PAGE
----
Mathematics Stack Exchange is a question and answer site for people studying math at any level and professionals in related fields. Join them; it only takes a minute:

Sign up
Here's how it works:
  1. Anybody can ask a question
  2. Anybody can answer
  3. The best answers are voted up and rise to the top

Let $A = \{a_1,\dots,a_m\}$ be a finite set endowed with a discrete topology and let $X = A^{\Bbb N}$ be the product topological space. I wonder which bounded functions $f:X\to\Bbb R$ are continuous on $X$.

For example, it is clear that if $f$ depends only on a finite number of coordinates then $f\in C(X)$, i.e. if there exists some finite $n$ such that $$ f(x_1,\dots,x_n,x_{n+1},x_{n+2},\dots) = f(x_1,\dots,x_n,x'_{n+1},x'_{n+2},\dots) \quad \forall x_{n+1},x_{n+2},x'_{n+1},x'_{n+2},\dots $$ then $f\in C(X)$. Thus it seems that only dependents on infinitely many coordinates may violate continuity. I would be happy, if one could tell me whether there are some useful necessary/sufficient conditions to assure $f\in C(X)$.

In particular, if $B\subset A$ and $1_B(a)$ is the indicator (characteristic) function of $B$, does it hold that $$ g(x):=\limsup\limits_{k\to\infty}1_B(x_k) $$ is a continuous function on $X$.

share|cite|improve this question
@tohecz: thanks, that was a typo - fixed now – S.D. Nov 28 '12 at 10:38
Assuming that $m>1$, the space $X$ is just a Cantor set: up to homeomorphism it’s the same space for all $m>1$, and you’re really asking which bounded, real-valued functions on the Cantor set are continuous. – Brian M. Scott Nov 28 '12 at 11:21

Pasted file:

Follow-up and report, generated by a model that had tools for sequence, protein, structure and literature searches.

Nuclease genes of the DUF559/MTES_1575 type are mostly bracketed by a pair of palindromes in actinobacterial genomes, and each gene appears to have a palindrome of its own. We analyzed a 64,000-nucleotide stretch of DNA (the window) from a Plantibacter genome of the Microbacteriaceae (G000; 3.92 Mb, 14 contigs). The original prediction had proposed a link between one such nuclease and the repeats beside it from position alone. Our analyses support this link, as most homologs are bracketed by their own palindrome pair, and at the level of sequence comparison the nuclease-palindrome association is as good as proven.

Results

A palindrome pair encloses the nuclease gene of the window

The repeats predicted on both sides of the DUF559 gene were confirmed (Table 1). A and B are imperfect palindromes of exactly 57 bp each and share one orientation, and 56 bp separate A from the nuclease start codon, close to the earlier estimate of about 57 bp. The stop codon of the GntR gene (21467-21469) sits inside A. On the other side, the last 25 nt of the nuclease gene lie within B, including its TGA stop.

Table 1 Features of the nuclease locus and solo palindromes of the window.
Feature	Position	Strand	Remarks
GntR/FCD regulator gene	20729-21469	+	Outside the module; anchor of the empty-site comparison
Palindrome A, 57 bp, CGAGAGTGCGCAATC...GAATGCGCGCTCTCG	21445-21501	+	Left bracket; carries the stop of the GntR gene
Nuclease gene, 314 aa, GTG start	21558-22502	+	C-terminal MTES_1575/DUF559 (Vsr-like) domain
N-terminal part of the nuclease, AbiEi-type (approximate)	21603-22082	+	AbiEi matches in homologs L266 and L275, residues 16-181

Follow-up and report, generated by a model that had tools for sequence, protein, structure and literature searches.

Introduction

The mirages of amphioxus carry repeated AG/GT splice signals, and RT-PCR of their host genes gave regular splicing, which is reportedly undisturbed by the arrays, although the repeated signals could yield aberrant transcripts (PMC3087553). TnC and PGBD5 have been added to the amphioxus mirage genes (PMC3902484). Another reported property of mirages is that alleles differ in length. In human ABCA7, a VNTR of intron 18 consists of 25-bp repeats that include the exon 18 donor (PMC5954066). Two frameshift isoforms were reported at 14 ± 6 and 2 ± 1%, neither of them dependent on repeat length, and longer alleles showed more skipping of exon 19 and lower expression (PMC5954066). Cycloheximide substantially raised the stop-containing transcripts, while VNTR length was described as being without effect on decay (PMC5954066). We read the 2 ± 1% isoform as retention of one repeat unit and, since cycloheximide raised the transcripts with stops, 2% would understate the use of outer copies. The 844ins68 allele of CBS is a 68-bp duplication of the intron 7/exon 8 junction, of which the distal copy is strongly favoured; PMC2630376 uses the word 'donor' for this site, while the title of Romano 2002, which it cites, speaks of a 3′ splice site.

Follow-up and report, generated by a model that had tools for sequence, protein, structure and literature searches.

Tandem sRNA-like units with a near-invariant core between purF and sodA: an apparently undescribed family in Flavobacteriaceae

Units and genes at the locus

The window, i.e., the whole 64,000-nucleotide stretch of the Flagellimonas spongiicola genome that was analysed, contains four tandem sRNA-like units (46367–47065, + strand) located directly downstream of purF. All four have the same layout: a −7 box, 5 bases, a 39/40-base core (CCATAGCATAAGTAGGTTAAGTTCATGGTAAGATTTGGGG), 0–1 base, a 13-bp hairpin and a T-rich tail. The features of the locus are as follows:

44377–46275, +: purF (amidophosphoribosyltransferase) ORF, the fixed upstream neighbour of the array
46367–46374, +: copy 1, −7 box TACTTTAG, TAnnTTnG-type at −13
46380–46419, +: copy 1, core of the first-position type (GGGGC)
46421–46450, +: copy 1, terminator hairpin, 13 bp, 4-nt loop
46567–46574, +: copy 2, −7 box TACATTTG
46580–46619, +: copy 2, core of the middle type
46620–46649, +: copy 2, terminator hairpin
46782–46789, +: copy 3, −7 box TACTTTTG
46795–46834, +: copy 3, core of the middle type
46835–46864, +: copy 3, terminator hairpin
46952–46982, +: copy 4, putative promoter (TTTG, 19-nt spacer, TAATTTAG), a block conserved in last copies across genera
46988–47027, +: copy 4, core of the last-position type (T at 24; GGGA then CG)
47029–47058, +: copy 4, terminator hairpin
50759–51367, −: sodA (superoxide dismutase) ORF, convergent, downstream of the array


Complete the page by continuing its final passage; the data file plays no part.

@BrianM.Scott: thanks for the comment - so does the characterization by toehz hold true? – S.D. Nov 29 '12 at 7:55
It’s correct, but I don’t yet see how to convert it into a nice, easily tested criterion. – Brian M. Scott Nov 29 '12 at 9:03
@BrianM.Scott: well, with focus on the indicator functions it yields some nice characterization that I've mentioned in my first comment to tohecz's answer below (hopefully, this comment is correct) – S.D. Nov 29 '12 at 12:32
up vote 4 down vote accepted

Yes, there are, and probably numerous. The basic idea is the following:


Let $[a_1\dotsm a_n]:=a_1\dotsm a_n A^{\mathbb N}$ denote the set called a cylinder. Then basically, $f$ is continuous if an only if $$ \operatorname{diam} f\bigl([a_1\dotsm a_n]\bigr)\xrightarrow{n\to\infty}0 \quad\text{for all}\quad a_1a_2a_3\dotsm\in A^{\mathbb N},$$ where $\operatorname{diam}Y$ is the diameter of a set.

This property is crucial for all numeration systems. For example, for the decimal expansion one has $f(a_1a_2a_3\dotsm)=\frac{a_1}{10}+\frac{a_2}{100}+\frac{a_3}{1000}+\dotsb$ and diameter of image of cylinder of $[a_1\dotsm a_n]$ is exactly $10^{-n}\to0$, hence $f$ is continuous. The same is true for the binary system as well, generally for all radix representations. But it is true even for continued fractions when written as an infinite seqence of matrices $L=\begin{pmatrix}1&0\\1&1\end{pmatrix}$, $R=\begin{pmatrix}1&1\\0&1\end{pmatrix}$, and for many other systems as well.